A Methodology for Analysing Cinematographic Images

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Often the cinematographic elements of a film are seen only as a conduit for communicating narrative, rather than embodying aspects of meaning in the way that they are constructed.

Traditional film studies always had a literary bias, with a fixation on narrative, character and the thematic ideas underpinning stories. The technicalities of cinematography were often seen as a means to an end, i.e. to get the story on the screen. More recent volumes on cinematography have concentrated on generic forms of style and issues around developing technology (Goodridge and Grierson 2012; Keating 2014). Few writers explore the construction of the images themselves. Cinematographic images can simply convey narrative information to audiences, placing us in a location or showing us an action. Alternatively they can communicate meaning in the way they are constructed. Composition, movement and light can all imply meaning that is distinct from the events being filmed.

The limited writing on cinematography as a means of communication includes Nilsen's account of the artistic responsibilities of the cinematographer (1937), Russell's analysis of style markers in lighting (1981), Bordwell's discussion of shot functions (2005), and Cormack's brief breakdown of components of cinematographic style; camera movement, camera distance, camera angle and lighting (1994). Some theorists have attempted to categorise shot types, notably Mitry (1963), and Deleuze (1983), whilst others have discussed one particular style, for example Bazin and 'deep-focus' (1947).

The temptation for theorists like Mitry and Deleuze has been to ascribe particular functions to specific shot types, for example, Mitry's semi-subjective shot adopts the "viewpoint of a character" (1963: 218), Deleuze's affection-image is invariably a close-up (1983: 72). Specific aspects of forms should not be tied to singular, fixed meanings, or functions, as these invariably do not apply in every case. Bordwell avoids this with his discussion of shot functions (2005: 33-34), although by exclusively talking about the content of cinematographic images he does not consider the form.

Nilsen defined three stages in the evolution of cinematography, reproductional, pictorial and representational (1937). Reproductional cinematography is simply the mechanical recording of events that happen in front of the camera with no aesthetic consideration given to the use of the recording mechanisms (the camera and the lighting), typically the filming of news-gathering or documentary material. Pictorial cinematography includes deliberate, superficial aesthetic concerns, for example the 'rule-of-thirds', glamour lighting, or elaborate use of indiscriminate colour palettes. Finally representational images convey meaning embedded within their structure. Whereas Nilsen considers these types of cinematography as a chronological evolution of cinematographic art, I consider them as continuing, parallel methods of applying cinematographic technique. Films shot with standard methods, for example, cross-cutting close-ups, establishing shots of locations, realistic colour reproduction, could be described as examples of reproductional cinematography, as the main purpose of the cinematographic techniques employed is to simply convey narrative information.

To consider the cinematographic image in detail, it is important to objectively separate elements of shot composition from any preconceived notions of function or meaning. Carroll implies this approach in his argument for a functional theory of style in individual films (2003). He argues that approaching the analysis of an individual film via general notions of style, whether they are genre, period or personal style, distorts or limits our view of that film. Carroll calls for a more objective approach.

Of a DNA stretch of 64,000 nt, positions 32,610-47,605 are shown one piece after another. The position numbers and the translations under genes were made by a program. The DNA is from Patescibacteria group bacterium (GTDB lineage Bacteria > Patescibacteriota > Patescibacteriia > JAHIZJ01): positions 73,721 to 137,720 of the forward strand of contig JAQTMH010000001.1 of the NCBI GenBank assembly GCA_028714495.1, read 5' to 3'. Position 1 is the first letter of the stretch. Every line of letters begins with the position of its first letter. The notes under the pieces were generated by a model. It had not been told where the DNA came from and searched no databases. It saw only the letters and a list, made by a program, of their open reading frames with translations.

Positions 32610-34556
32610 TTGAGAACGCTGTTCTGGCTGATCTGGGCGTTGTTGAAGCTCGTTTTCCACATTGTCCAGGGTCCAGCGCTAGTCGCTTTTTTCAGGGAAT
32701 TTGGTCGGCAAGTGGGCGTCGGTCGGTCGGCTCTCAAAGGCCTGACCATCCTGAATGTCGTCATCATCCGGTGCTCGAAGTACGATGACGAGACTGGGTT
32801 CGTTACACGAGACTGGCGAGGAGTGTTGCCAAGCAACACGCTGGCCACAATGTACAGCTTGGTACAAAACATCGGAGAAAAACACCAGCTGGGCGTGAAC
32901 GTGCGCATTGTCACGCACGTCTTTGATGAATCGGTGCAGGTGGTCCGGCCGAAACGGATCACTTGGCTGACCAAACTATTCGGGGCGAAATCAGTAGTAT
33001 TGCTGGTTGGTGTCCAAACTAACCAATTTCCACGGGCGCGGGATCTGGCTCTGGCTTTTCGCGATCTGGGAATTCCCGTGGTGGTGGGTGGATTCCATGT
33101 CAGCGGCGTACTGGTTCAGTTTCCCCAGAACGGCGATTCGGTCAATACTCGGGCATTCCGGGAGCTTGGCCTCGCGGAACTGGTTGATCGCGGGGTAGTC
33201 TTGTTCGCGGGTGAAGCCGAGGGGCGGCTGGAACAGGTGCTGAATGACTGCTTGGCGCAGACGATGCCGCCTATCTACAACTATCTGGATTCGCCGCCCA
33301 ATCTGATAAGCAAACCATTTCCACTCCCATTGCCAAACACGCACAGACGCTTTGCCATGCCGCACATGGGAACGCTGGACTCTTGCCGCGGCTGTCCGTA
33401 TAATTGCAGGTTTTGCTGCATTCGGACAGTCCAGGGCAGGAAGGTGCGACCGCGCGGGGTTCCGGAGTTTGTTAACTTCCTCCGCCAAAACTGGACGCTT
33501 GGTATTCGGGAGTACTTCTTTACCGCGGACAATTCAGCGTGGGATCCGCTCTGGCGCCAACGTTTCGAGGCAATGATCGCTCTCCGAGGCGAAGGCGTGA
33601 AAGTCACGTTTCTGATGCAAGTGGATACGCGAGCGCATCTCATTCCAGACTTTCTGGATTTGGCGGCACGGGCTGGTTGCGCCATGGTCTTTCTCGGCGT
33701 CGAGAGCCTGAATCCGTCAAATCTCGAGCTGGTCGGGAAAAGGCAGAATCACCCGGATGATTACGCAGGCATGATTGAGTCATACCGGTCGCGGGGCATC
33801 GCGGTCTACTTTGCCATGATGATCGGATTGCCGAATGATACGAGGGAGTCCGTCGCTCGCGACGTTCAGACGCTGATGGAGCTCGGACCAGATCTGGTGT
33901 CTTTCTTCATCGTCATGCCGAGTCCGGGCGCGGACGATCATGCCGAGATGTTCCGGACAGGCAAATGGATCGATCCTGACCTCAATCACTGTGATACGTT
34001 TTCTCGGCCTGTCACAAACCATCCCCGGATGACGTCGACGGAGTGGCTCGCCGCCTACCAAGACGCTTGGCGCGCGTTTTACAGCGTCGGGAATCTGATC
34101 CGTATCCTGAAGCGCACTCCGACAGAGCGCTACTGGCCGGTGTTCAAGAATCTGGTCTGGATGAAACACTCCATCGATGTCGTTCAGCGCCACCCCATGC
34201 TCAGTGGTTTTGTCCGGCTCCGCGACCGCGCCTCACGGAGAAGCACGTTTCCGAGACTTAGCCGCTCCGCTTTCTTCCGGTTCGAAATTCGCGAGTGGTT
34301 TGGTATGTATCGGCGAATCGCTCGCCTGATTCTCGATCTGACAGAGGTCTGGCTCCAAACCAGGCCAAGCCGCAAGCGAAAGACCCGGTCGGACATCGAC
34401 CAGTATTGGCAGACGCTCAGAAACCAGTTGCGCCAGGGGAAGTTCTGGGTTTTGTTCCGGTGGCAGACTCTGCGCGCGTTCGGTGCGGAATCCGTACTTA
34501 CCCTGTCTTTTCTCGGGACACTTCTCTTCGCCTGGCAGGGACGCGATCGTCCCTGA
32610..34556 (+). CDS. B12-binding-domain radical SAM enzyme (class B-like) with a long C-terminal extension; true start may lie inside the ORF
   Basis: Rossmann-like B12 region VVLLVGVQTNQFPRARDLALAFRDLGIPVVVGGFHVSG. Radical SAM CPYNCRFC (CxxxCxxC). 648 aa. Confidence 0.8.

What I propose is that with an objective, and complete taxonomy of elements of shot composition, combined with an awareness of the nature of the application of cinematographic techniques, a richer analysis of cinematographic images within individual films could be undertaken.

I have developed this taxonomy having taken, or modified, elements from both Nilsen (1937) and Russell (1981), adding further elements and categories. I have identified sixteen distinct elements that contribute to the construction of a cinematographic image, divided into four broader categories, characteristics of the medium, spatial elements, lighting, and temporal elements. The sixteen elements of shot composition that I have identified provide a precise tool to objectively analyse the cinematographic image. They can be used to breakdown the way in which these elements are exploited in individual films, whether that be reproductional, pictorial or representational.

Following Carroll's suggestion that an analysis starts with the individual film, rather than from a predetermined and restricted categorisation filter, an assessment of representational treatment can be made in relation to the contextual use of these elements of shot composition, usually related to the narrative, characters, or thematic aspects of the film’s narrative. Meaning arises from the combination of the technique and the context of its use, described by Durgnat as "content-style" (1967). Meaning is not inherent in the technique itself.

By defining this taxonomy I hope to provide a comprehensive, yet workable, analytical tool, which will help to identify all functional aspects of any cinematographic image.
Original languageEnglish
Publication statusPublished - 27 Oct 2018
EventAnalytic Aesthetics and Film Studies - UNiveristy of Warwick, Coventry, United Kingdom
Duration: 26 Oct 201827 Oct 2018


ConferenceAnalytic Aesthetics and Film Studies
Country/TerritoryUnited Kingdom
Internet address


  • Film
  • Aesthetics
  • Cinematography


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